As involved as he was with engineering and science he had a lifelong attachment to his extracurricular activities, among which was his vegetable garden at his home in Harold Parker State Forest in Andover, Massachusetts. This was a serious matter and not on a small scale. Indeed, it required the use of a backhoe, which Jim acquired and used in a way admired by professionals. But no matter what the task, always at the forefront of Jim’s behavior were fun and games. As he once expressed to me, “I would rather be loved than famous.” He didn’t quite get his wish, for not only was he loved by all but was also recognized and honored internationally for his pioneering scientific and engineering studies.
While gardening was a major hobby, Jim also enjoyed individual sports. In the winter it was ice skating and skiing; in the warmer months it was swimming or hiking or bicycling. When his children were growing up, he spent much of his free time with them, encouraging them to pursue their interests, and he was always willing to help them, whether it was building a dark room for his son’s photography or putting up fences for his daughter’s horse. In later years Jim enjoyed working with his daughter Pat, a sculptor, on the mechanical design of her movable sculptures, teaching her basic mechanics in the process and emphasizing that the simplest design was usually the best. He liked to say, “If you can’t explain something simply, you probably don’t understand it very well.” That was a concept he used in approaching any problem.
Jim enjoyed parties and celebrations and threw himself into the preparations with great enthusiasm. He hosted many parties for graduate students and faculty, with the entertainment as varied as ice skating and sledding to badminton and swimming. He was popular with visiting children because he was always willing to stop whatever he was doing to play games with them or have a croquet match, set up an archery range, or teach them new skills. Adults, meanwhile, enjoyed his talents in mixing martinis. Jim was an optimist and was invariably cheerful and upbeat. He was a joy to live with, and he brought joy to all who knew him.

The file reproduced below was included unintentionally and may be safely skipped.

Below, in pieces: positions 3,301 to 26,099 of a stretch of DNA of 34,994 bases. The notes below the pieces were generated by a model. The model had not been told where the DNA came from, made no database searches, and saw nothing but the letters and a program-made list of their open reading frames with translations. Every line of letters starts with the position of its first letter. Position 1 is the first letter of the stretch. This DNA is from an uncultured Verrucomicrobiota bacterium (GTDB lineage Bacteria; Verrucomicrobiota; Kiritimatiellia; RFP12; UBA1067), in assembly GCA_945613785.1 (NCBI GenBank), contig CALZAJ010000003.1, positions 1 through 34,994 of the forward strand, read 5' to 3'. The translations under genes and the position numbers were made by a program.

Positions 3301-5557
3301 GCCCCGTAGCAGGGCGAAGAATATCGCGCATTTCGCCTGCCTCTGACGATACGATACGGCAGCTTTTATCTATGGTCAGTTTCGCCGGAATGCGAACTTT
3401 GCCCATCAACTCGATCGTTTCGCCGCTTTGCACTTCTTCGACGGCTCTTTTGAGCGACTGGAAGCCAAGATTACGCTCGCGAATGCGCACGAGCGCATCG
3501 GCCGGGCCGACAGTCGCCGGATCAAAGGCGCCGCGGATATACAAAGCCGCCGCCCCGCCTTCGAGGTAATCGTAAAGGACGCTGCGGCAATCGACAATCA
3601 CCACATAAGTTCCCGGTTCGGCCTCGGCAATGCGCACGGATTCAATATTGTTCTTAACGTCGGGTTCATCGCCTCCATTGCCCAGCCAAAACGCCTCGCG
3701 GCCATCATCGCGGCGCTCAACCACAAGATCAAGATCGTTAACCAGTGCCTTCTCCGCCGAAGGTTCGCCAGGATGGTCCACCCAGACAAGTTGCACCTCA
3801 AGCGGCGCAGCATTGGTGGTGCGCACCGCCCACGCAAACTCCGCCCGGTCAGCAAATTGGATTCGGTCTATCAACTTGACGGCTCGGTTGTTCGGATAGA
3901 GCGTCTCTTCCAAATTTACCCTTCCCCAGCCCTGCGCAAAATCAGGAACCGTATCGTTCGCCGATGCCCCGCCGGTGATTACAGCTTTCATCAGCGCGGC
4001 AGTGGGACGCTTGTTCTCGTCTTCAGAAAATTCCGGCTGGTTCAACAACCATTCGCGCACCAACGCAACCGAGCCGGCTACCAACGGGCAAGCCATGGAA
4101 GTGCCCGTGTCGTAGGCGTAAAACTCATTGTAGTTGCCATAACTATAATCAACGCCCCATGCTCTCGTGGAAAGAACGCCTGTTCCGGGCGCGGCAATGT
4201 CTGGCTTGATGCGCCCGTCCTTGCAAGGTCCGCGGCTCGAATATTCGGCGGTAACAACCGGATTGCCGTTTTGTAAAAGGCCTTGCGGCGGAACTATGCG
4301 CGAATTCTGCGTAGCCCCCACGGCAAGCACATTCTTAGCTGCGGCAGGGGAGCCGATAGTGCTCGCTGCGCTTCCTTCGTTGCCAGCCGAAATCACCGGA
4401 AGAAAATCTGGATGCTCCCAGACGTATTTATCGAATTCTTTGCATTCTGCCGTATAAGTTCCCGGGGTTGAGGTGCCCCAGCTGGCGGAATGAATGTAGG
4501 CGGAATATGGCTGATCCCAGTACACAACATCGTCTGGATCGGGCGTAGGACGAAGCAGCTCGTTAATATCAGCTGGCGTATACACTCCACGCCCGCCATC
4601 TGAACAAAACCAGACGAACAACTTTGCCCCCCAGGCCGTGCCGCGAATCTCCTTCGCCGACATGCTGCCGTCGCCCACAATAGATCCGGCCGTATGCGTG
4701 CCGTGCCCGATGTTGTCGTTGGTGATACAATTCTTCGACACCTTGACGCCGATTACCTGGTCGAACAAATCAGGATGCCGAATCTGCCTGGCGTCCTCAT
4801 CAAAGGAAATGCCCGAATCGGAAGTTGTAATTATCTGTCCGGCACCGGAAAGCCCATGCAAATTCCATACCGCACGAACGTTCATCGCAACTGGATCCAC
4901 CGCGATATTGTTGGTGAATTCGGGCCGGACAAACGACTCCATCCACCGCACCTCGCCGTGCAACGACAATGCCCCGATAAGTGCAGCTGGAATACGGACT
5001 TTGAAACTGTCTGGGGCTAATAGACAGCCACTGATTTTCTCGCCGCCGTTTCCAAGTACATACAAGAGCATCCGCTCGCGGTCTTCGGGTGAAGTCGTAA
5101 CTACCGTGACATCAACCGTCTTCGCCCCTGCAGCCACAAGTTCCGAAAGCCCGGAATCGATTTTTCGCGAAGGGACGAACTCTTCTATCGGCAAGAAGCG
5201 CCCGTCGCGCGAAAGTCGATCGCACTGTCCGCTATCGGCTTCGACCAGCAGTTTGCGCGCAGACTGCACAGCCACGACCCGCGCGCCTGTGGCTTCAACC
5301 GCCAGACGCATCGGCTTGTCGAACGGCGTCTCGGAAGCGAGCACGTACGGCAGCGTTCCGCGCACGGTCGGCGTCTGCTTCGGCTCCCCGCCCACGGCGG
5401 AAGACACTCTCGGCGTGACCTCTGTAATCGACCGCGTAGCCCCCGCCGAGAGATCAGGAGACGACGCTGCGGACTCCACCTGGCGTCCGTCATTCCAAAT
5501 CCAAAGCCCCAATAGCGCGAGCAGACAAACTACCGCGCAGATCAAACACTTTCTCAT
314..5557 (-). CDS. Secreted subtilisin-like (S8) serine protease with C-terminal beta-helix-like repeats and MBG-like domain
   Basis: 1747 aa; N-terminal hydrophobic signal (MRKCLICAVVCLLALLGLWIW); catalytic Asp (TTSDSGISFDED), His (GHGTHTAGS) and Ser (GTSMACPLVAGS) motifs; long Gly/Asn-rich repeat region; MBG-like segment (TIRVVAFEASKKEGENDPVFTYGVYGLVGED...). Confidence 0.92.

When he retired from MIT in 1989, he took on some new ventures. First, he designed and built, with the help of his daughter, a two-car garage to replace the one that she had taken over for use as her studio. This was top priority for his wife, who was tired of scraping ice off the cars during the long New England winters. Second, he designed and, again with Pat as helper, built a barn to house two horses and a storage area for garden machinery. From then on, one of his main occupations was improving and maintaining his house and property. He loved the hard physical outdoor work that this entailed, but he also claimed that he got some of his best scientific ideas while mowing the fields with his garden tractor.
In the 1990s, as a result of a chance conversation with a friend, he invented and worked on the development of a device to monitor septic systems that led to the formation of a company now known as Sepsensor, Inc. He never lost his interest in thermodynamics and continued to work until the end of his life on nonequilibrium thermodynamics and rate-controlled constrained equilibrium, meeting weekly with Northeastern University doctoral students who were interested in pursuing his ideas.
In addition to the honor of his election to the National Academy of Engineering, he was honored by election to the American Academy of Arts and Sciences and was a fellow of the American Physical Society.
Jim is survived by his wife of 63 years, Margaret Ramsey Keck; his son, Robert Keck, of Rochester, New York; his daughter, Patricia Keck, of Andover, Massachusetts; and his brother, Charles Keck, of Andover, Vermont.